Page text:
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Working families running to a standstill

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The amount a family of 4 needs to live an acceptable standard of living has risen twice the rate of inflation since 2008, according to the Joseph Rowntree Foundation.
Working families running to a standstill

In order to achieve what the public deems is a socially acceptable standard of living, covering everything from childcare to transport and food to gas bills, a working couple with two children now needs to earn at least £36,800 a year, up by a third since 2008.

The study found that working families have been hit harder by rising costs than many other parts of society, and unless their earnings have risen by 16% above inflation since the UK first fell into recession in 2008, then their standard of living has deteriorated.

Julia Unwin, chief executive of the Joseph Rowntree Foundation, said: “Families have a monumental task trying to earn enough to get by. Parents facing low wages and pressure on their working time have little prospect of finding the extra money they need to meet growing household expenses.”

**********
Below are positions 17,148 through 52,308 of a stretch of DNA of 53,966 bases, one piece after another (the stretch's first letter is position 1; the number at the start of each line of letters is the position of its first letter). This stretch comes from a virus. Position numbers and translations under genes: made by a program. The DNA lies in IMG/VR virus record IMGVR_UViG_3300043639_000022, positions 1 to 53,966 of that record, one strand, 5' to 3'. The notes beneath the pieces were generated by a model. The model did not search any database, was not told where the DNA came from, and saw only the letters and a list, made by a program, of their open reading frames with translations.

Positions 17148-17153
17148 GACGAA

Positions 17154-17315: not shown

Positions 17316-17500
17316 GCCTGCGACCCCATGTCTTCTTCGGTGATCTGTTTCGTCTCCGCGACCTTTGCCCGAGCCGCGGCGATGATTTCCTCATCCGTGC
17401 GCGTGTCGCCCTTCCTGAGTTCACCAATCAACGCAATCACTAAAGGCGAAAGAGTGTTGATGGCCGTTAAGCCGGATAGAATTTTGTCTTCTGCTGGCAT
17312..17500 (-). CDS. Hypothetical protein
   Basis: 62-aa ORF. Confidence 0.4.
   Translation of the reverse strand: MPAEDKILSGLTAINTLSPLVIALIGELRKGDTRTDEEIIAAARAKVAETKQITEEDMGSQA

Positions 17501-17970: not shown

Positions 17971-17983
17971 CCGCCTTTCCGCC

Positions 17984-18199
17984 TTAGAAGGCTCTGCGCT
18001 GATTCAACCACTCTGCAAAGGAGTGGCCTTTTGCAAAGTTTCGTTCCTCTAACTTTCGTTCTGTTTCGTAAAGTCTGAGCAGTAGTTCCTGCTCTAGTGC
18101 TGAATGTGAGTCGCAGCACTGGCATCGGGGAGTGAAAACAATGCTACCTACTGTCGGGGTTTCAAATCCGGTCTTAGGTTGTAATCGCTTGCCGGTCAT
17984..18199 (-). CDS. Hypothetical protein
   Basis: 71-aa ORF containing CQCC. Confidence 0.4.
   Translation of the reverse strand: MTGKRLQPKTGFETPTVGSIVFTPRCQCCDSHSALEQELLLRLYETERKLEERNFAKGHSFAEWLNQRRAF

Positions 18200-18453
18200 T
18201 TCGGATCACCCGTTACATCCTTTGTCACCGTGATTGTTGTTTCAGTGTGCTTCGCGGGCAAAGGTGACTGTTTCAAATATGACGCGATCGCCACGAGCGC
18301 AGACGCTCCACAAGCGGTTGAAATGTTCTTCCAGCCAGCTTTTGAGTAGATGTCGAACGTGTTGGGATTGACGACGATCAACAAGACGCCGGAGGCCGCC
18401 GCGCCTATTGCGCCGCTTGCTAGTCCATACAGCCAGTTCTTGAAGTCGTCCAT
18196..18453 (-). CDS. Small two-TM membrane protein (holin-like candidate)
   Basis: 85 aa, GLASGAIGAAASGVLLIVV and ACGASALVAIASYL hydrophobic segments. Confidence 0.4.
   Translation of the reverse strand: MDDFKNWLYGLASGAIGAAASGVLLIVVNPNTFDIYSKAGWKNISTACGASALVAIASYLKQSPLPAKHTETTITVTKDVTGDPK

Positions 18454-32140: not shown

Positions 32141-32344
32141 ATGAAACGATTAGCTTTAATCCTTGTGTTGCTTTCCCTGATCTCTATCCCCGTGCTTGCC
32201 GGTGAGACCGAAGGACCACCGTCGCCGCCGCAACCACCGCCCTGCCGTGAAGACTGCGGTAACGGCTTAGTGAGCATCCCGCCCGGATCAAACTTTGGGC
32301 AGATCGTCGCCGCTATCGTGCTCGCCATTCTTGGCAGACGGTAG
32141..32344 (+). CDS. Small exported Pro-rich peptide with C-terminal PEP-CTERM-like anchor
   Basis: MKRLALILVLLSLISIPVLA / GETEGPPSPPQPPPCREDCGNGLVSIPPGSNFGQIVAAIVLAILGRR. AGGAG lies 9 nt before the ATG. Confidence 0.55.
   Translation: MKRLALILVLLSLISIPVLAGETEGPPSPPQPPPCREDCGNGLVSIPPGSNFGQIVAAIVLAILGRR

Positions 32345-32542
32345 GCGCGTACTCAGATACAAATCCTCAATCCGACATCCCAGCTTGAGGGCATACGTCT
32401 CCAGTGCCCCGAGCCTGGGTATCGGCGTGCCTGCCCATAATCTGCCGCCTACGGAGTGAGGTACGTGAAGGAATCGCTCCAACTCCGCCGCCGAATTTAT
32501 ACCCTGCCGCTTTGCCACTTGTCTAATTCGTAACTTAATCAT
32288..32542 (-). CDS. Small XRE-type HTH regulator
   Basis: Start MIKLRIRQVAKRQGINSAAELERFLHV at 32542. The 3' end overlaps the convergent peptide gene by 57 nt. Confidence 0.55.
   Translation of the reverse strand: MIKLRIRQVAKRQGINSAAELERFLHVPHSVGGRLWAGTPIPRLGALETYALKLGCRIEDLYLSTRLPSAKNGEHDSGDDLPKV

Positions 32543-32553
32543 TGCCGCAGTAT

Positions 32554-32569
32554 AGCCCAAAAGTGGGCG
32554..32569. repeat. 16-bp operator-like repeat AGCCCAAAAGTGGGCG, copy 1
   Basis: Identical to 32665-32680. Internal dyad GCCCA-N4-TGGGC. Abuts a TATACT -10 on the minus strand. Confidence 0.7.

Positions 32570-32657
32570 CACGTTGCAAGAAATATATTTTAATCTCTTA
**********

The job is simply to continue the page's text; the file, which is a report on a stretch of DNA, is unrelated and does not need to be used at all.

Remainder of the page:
A single earner must have an income of a minimum of £16,400, as an average figure across the UK, to afford a minimum acceptable standard of living. While two parents need to earn £18,400 each in order to support themselves and two children.

Unwin continued: “This year’s research shows that a dangerous cocktail of service cuts and stagnating incomes are being keenly felt by parents. Many working people face the risk of sliding into poverty. It illustrates how anti-poverty measures are needed to address not just people’s incomes but also the costs that they face.”

The research also found that in some areas of life what constituted a ‘minimum standard’ has fallen, with people now accepting a lower budget for eating out and exchanging Christmas and birthday presents.

Meanwhile, items such as computers and the Internet are now seen as necessities for all working-age families, a notable change since 2008.

Donald Hirsch, co-author of the report, added: “Parents have not changed their view of most needs, including a nutritious diet and participation by children in activities vital for social inclusion. What has changed is the ability of many families to afford such essentials.”

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